9. CLMP is required for intestinal development, and loss-of-function mutations cause congenital short-bowel syndrome

    NARCIS (Netherlands)

    Van Der Werf, Christine S.; Wabbersen, Tara D.; Hsiao, Nai-Hua; Paredes, Joana; Etchevers, Heather C.; Kroisel, Peter M.; Tibboel, Dick; Babarit, Candice; Schreiber, Richard A.; Hoffenberg, Edward J.; Vekemans, Michel; Zeder, Sirkka L.; Ceccherini, Isabella; Lyonnet, Stanislas; Ribeiro, Ana S.; Seruca, Raquel; Meerman, Gerard J. Te; van Ijzendoorn, Sven C. D.; Shepherd, Iain T.; Verheij, Joke B. G. M.; Hofstra, Robert M. W.

    BACKGROUND & AIMS: Short-bowel syndrome usually results from surgical resection of the small intestine for diseases such as intestinal atresias, volvulus, and necrotizing enterocolitis. Patients with congenital short-bowel syndrome (CSBS) are born with a substantial shortening of the small

  10. Pediatric colonic volvulus: A single-institution experience and review.

    Science.gov (United States)

    Tannouri, Sami; Hendi, Aditi; Gilje, Elizabeth; Grissom, Leslie; Katz, Douglas

    2017-06-01

    Pediatric colonic volvulus is both rare and underreported. Existing literature consists only of case reports and small series. We present an analysis of cases (n=11) over 15 years at a single institution, focusing on workup and diagnosis. This was an institutional review board approved single-institution retrospective chart review of 11 cases of large bowel volvulus occurring over 15 years (2000-2015). In our series, the most common presenting symptoms were abdominal pain and distention. Afflicted patients often had prior abdominal surgery, a neurodevelopmental disorder or chronic constipation. Of the imaging modalities utilized in the 11 patients studied, colonic volvulus was correctly diagnosed by barium enema in 100% of both cases, CT in 55.6% of cases and by plain radiography of the abdomen in only 22.2%of cases. Colonic volvulus was confirmed by laparotomy in all cases. The cecum (n=5) was the most often affected colonic segment, followed by the sigmoid (n=3). Operative treatment mainly consisted of resection (63.6%) and ostomy creation (36.4%). Colopexy was performed in 18.2% of cases. Plain abdominal radiography may be performed as an initial diagnostic study, however, it should be followed CT or air or contrast enema in children where there is high clinical suspicion and who do not have indications for immediate laparotomy. CT may be the most specific and useful test in diagnosis of colonic volvulus and has the added advantage of detection of complications including bowel ischemia. We demonstrate a range of diagnostic and therapeutic modalities for pediatric colonic volvulus. This underscores the need for further study to draft standard best practices for this life-threatening condition. Prognosis Study: Level IV. Study of a Diagnostic Test: Level III. Copyright © 2017 Elsevier Inc. All rights reserved.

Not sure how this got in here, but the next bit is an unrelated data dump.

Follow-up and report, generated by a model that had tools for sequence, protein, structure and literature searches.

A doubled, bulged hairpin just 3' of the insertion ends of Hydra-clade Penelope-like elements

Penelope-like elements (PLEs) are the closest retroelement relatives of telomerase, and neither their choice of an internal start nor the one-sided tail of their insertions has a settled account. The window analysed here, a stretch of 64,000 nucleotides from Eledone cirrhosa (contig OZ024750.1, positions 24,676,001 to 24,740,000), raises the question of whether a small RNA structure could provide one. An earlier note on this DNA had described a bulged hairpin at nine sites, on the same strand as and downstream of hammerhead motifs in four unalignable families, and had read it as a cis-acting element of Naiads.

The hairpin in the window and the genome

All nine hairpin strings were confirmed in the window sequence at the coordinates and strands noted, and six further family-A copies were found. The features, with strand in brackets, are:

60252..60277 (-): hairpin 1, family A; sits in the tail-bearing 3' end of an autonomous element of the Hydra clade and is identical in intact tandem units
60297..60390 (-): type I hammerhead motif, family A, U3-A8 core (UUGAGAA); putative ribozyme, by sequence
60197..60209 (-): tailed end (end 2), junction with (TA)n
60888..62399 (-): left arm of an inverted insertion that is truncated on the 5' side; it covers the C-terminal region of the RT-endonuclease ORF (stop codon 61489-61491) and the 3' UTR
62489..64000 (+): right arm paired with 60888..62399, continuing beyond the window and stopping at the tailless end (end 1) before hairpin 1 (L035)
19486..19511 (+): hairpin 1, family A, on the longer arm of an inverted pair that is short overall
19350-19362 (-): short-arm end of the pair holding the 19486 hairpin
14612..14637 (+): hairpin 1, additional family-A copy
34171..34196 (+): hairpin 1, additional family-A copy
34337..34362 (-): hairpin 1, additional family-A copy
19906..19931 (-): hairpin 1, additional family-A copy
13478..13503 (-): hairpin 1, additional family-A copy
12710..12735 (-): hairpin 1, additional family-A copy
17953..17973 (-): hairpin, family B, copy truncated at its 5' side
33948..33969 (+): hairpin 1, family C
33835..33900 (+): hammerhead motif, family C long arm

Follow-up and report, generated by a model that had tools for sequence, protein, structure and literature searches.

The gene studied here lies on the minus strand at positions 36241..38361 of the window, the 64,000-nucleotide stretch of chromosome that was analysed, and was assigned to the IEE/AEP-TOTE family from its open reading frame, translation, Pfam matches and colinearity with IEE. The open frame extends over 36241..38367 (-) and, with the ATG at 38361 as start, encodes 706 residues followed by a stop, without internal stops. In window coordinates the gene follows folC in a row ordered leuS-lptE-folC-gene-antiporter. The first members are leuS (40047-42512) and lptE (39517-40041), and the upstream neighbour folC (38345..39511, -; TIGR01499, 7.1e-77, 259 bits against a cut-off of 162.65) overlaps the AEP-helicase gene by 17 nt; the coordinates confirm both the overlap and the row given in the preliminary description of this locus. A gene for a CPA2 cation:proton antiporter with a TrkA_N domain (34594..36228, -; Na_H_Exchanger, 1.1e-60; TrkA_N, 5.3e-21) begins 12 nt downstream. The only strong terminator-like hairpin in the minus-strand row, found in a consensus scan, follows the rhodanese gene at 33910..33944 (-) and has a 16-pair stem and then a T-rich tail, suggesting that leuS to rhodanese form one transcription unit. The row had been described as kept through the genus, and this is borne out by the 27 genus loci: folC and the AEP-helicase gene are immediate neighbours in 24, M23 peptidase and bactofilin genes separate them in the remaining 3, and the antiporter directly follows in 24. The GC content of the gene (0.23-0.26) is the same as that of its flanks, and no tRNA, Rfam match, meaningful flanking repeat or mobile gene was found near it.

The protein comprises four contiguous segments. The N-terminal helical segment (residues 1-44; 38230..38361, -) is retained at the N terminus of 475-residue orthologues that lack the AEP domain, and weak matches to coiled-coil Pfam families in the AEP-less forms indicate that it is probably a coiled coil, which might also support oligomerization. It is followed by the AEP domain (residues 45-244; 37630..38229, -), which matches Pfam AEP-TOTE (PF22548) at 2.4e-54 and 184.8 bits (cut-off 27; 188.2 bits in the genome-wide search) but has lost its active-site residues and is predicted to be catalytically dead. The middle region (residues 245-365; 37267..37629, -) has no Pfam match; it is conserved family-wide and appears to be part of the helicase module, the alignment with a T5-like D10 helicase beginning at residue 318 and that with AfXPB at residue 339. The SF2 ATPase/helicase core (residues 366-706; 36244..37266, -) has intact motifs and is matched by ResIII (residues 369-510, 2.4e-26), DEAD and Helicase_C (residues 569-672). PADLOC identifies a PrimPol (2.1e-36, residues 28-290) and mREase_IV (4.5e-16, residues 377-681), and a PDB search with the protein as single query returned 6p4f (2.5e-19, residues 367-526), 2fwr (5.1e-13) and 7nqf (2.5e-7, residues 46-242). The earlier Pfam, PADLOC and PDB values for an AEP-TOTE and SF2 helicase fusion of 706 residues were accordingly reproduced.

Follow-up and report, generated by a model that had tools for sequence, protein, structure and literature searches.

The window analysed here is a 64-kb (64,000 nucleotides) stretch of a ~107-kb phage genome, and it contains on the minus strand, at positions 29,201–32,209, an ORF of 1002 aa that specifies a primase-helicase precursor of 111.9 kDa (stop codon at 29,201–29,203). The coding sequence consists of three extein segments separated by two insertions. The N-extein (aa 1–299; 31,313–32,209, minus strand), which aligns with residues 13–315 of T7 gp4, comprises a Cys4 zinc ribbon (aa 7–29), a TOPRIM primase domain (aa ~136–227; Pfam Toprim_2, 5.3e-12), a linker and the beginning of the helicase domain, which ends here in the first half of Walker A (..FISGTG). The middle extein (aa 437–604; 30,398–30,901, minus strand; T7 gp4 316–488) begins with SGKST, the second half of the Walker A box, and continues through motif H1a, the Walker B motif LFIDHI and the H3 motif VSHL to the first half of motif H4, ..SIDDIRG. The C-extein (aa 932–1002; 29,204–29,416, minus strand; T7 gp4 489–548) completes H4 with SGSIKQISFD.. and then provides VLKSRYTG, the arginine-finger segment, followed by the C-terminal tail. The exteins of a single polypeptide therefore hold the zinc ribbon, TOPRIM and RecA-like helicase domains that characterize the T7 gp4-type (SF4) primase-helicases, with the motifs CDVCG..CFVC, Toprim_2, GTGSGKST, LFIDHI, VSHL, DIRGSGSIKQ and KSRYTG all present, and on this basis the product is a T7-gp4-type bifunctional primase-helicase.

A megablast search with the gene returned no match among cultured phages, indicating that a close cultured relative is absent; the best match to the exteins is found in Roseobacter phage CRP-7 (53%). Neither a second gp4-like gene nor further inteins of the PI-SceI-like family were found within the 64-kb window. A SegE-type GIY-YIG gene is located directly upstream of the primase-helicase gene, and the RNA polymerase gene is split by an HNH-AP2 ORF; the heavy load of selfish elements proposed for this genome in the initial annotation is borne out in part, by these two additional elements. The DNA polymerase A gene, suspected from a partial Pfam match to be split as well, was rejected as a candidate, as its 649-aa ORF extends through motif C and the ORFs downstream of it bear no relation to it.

11. CT findings of small bowel metastases from primary lung cancer

    Energy Technology Data Exchange (ETDEWEB)

    Kim, Jae Wook; Ha, Hyun Kwon; Kim, Ah Young; Kim, Gab Choul; Kim, Tae Kyoung; Kim, Pyo Nyun; Lee, Moon Gyu [Ulsan University College of Medicine, Seoul (Korea, Republic of)